Why Is The NAACP Fighting To Give Tennessee Politicians More Power To Appoint Judges?

George Scoville Media Strategist
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Endorsing a proposed amendment to the Tennessee Constitution on the ballot next month that would grant the General Assembly and the governor more power to appoint appellate and Supreme Court judges, while preserving arguably unconstitutional “judicial retention election” statutes, president of the Tennessee conference of the NAACP Gloria Sweet-Love recently said, “We want fair and impartial judges who will protect the rights of all people, not just the special interests with their campaign contributions.”

But while touting “fair and impartial” courts, the campaigns to retain state Supreme Court Justices Clark and Wade and Chief Justice Lee this summer bragged on Facebook at one point that they had raised almost a quarter of a million dollars from trial lawyers in a single night. What “special interest” is more special in this context? Meanwhile, they admonished the public that “justice is not for sale.”

The “Vote Yes on 2” committee has also raised and spent more money than any of the four constitutional amendment campaigns to date, according to recent disclosures. Most of VYo2’s funding has come from strange bedfellows: a big business front group and trial lawyers — the very types of special interests Sweet-Love says she opposes.

Not for sale, indeed.

Despite this dissonance, Sweet-Love encouraged NAACP members in Tennessee to cast ballots next month in favor of Amendment 2. State Senator Reginald Tate, an African-American Democrat from Memphis, also recently reversed course on the issue, evolving his position from opposition to support.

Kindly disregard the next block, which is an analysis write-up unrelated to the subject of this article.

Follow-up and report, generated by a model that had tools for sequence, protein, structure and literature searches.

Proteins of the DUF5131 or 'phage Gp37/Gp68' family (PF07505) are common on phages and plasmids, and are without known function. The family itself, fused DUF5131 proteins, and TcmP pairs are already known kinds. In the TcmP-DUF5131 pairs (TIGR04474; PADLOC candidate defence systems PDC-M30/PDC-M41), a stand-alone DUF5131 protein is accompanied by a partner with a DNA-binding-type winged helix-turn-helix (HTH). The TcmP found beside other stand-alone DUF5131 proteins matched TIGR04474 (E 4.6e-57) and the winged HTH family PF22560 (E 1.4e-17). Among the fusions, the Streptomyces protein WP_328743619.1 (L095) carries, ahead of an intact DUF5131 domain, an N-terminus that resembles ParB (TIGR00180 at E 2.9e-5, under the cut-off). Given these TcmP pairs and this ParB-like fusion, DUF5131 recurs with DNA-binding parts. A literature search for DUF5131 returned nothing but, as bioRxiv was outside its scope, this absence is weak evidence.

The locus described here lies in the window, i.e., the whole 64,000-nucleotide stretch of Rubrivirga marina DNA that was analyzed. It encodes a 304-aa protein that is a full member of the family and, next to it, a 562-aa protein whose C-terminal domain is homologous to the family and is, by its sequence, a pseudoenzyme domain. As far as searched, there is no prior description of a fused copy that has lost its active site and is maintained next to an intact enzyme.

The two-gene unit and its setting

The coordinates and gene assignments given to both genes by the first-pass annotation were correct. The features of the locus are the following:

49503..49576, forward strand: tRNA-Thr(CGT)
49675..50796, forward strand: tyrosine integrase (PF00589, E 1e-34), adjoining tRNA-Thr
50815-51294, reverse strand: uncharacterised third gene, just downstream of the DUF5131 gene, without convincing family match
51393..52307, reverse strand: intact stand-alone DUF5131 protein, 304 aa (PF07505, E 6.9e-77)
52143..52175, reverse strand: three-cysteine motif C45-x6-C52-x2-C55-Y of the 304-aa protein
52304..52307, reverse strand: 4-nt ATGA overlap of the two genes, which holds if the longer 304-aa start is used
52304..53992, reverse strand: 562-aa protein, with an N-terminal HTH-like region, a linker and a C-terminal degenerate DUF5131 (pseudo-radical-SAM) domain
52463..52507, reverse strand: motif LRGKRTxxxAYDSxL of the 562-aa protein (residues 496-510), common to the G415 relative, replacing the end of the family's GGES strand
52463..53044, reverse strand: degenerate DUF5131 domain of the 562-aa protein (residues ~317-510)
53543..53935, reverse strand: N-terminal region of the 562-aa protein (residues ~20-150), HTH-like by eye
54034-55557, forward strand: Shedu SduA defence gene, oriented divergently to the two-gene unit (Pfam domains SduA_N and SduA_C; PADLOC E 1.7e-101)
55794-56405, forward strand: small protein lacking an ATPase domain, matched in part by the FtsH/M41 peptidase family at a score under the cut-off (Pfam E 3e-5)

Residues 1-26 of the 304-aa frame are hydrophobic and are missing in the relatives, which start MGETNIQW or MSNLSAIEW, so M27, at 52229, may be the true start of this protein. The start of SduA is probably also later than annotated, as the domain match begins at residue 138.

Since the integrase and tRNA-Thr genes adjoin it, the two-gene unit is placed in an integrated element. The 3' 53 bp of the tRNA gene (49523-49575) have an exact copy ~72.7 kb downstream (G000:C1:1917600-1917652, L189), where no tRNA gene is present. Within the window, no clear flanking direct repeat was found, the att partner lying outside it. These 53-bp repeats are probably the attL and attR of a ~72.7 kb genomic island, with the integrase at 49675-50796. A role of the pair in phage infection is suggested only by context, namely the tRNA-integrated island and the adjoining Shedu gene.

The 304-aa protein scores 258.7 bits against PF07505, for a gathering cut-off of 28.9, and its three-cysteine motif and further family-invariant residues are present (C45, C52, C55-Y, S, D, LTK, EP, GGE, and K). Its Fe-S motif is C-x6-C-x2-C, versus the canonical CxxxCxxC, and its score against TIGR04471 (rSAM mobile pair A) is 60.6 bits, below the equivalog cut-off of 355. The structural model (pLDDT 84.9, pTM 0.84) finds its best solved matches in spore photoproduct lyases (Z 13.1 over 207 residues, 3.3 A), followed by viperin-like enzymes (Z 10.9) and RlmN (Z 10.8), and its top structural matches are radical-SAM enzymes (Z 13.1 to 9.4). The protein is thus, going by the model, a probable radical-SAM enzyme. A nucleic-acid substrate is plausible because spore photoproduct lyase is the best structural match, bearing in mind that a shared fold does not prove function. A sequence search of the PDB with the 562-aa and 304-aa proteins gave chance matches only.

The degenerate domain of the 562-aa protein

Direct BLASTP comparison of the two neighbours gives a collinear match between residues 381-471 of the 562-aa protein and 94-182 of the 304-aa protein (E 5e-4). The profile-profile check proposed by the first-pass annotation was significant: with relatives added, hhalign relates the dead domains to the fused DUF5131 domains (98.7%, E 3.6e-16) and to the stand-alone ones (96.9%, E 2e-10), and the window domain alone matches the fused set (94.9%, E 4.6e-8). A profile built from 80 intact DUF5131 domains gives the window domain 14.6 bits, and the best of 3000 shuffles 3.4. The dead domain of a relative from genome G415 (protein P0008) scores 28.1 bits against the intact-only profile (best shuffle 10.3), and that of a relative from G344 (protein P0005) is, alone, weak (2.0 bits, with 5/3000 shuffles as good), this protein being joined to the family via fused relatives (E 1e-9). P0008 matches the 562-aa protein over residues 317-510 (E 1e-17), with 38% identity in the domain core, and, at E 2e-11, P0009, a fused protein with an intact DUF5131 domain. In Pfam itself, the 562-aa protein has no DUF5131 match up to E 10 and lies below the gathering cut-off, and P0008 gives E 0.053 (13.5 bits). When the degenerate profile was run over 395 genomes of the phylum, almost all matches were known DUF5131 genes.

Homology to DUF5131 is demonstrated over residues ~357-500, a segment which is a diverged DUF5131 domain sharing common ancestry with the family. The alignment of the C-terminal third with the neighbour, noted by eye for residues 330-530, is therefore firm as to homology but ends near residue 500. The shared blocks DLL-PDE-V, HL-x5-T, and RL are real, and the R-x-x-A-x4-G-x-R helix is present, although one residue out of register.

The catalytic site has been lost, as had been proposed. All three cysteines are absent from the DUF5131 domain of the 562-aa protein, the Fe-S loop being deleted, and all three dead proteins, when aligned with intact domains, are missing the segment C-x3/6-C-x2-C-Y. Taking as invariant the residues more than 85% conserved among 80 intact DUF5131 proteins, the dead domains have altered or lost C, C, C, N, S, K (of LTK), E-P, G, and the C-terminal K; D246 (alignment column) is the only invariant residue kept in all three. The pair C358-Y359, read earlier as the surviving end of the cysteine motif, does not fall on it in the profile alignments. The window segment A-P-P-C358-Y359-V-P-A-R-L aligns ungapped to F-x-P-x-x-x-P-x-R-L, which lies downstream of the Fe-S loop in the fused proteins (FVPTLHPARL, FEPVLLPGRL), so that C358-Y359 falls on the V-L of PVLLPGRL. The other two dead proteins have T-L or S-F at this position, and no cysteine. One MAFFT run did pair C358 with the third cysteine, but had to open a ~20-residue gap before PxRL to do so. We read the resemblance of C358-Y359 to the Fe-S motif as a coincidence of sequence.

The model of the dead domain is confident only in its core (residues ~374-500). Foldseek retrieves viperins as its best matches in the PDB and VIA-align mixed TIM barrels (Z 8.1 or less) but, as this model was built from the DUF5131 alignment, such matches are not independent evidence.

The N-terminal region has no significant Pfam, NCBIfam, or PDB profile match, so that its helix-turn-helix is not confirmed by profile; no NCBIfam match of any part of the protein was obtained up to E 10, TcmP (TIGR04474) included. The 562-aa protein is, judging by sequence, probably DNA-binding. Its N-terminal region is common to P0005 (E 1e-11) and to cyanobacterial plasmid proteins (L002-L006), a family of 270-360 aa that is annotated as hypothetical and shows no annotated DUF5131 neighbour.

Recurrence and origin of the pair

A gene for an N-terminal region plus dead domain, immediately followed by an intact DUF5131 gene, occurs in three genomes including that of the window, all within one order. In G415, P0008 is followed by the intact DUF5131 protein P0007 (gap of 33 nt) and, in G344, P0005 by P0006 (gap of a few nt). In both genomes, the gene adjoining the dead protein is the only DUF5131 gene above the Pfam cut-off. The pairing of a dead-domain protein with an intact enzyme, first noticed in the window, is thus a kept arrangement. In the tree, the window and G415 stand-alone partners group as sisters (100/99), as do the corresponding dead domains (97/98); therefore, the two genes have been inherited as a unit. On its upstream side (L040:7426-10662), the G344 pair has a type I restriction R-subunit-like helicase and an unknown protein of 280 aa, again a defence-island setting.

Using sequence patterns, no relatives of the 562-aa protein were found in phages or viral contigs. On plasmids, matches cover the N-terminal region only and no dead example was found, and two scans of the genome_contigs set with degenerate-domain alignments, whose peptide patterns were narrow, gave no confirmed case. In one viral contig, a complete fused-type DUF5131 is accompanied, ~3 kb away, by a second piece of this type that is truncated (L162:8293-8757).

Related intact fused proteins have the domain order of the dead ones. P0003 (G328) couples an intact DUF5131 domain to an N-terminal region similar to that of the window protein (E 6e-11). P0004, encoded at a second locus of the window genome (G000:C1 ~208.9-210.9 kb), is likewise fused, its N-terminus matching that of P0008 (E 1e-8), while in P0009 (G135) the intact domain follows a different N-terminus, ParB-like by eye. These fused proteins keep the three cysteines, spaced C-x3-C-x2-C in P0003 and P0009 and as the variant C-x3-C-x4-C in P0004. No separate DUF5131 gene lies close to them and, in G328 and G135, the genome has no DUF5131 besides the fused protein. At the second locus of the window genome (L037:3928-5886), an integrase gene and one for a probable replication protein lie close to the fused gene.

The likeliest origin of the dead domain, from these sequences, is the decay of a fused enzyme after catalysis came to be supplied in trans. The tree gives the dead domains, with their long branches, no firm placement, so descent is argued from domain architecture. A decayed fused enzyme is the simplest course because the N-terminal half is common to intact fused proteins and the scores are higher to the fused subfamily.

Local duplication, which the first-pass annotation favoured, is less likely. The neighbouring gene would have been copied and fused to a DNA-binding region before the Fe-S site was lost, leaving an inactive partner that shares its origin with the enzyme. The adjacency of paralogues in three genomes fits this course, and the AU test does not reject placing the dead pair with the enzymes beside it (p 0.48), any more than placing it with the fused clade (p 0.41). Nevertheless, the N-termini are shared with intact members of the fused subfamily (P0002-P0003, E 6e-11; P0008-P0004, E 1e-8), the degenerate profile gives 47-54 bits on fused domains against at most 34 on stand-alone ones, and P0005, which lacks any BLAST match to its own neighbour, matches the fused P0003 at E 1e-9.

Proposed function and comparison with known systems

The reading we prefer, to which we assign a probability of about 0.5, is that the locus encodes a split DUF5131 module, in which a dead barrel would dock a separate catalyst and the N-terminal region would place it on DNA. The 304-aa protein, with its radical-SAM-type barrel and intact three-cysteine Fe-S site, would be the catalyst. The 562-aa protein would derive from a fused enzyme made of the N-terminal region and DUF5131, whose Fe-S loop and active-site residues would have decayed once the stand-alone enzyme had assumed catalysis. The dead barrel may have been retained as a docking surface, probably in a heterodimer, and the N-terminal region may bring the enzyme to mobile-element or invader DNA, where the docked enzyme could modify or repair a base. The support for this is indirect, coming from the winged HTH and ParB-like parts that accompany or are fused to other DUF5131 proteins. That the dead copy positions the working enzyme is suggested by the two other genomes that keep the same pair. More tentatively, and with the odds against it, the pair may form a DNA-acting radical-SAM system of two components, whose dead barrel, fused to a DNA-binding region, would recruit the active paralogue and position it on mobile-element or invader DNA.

One would think that these endorsements of Amendment 2 are peculiar turns for Sen. Tate and the NAACP. Not only do Republicans currently hold majorities in both chambers of the General Assembly and the Governor’s Mansion, but scholarship also shows that the American justice system disproportionately impacts minority communities.

William Julius Wilson’s sociological research in the 1980s, on the efficacy of LBJ’s Great Society in achieving progressive goals, found that black communities have suffered from the declining availability of “marriageable” men since 1960 – for every 100 single black women, there has been a smaller number of employed single black men. This is in part because of increases in minority school enrollment. But a justice system that is biased against racial minorities, and constituted by political elites with no accountability to voters, only compounds the likelihood of unwed motherhood in minority communities, which in turn contributes to poverty, disparate health outcomes, and mortality rates.

Indeed, American juries are almost ten times more likely to recommend a death sentence in cases with an African-American defendant and white victim than vice versa, according to data compiled by the Death Penalty Information Center in Washington, DC. In the Volunteer State, trial court judges don’t have to adhere to the jury’s sentencing recommendation. If juries nationally disproportionately recommend the death penalty for African-American defendants, this might seem like a step forward. But in cases in which the trial jury reflects the demographic makeup of a jurisdiction, and both counsels have agreed on jury selection, a judge could still assess a more severe sentence.

Thank goodness we still elect trial court judges in Tennessee.